As much as we might deny it, the first church service of the weekend, whether it’s Saturday night or first thing Sunday morning, often times really is a dress rehearsal.
There really is no end to the possibilities as to why… The bottom line is that this is the first time that we’re doing this service and there can be bumps in the road.
In one recent Saturday night service, it seemed that Murphy’s Law was going to play out in every possible way… everything that could go wrong, just about did. All of what went haywire really isn’t the point of this post, just know that it was a tense evening in the booth.
The point is this: After it was all over and I had some time to process things and talk to people about how we might avoid some of these snares in the future, I sent out a tweet that said,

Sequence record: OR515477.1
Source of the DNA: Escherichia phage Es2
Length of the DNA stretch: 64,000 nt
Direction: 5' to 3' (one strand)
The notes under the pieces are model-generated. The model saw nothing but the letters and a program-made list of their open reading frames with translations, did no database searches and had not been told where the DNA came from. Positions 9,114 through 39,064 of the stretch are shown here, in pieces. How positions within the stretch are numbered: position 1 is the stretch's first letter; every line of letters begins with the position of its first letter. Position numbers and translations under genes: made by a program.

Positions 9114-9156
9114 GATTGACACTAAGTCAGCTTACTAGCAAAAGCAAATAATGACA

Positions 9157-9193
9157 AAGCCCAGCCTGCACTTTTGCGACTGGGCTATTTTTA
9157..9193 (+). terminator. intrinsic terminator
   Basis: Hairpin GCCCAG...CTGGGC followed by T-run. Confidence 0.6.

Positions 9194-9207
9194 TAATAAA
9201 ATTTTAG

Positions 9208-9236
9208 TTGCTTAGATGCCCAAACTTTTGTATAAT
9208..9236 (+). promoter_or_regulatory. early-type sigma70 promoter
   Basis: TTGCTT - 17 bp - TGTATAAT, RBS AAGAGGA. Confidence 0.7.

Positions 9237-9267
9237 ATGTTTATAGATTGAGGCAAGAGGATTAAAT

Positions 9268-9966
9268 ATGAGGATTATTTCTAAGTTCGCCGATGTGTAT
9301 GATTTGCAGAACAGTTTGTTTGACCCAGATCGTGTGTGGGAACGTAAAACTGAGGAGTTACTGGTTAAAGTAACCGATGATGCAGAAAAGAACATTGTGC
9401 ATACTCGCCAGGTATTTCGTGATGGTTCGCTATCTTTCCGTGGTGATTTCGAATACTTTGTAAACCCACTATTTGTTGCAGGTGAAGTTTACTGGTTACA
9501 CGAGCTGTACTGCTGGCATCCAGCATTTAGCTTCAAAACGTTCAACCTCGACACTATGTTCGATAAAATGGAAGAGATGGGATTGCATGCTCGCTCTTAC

“It will never cease to amaze me how chaotic things can be behind the scenes.”
A friend of mine, who is a Technical Director at another church, responded back to me with:
“We just love to tame the chaos.”
Thanks, Rick… That about sums it up!
As I thought about that some more, I realized that it’s a choice to tame the chaos. I’ve worked in the production of live television and events for many years, and in that time I’ve been around some leaders who seem to actually thrive on the chaos and it rarely made things any easier for anyone.
Our gear will fail… people will make mistakes… stuff will happen…
Whether you’re a staff leader at a church or a volunteer who runs the Power Point slides, you must choose to be a chaos tamer. Be quick to do what you can to remedy the problems and even quicker to speak peace over those who you are working with. When things seem to be falling apart, choose to be a strong part of the solution.
A gentle answer turns away wrath,
but a harsh word stirs up anger.
The tongue of the wise adorns knowledge,
but the mouth of the fool gushes folly.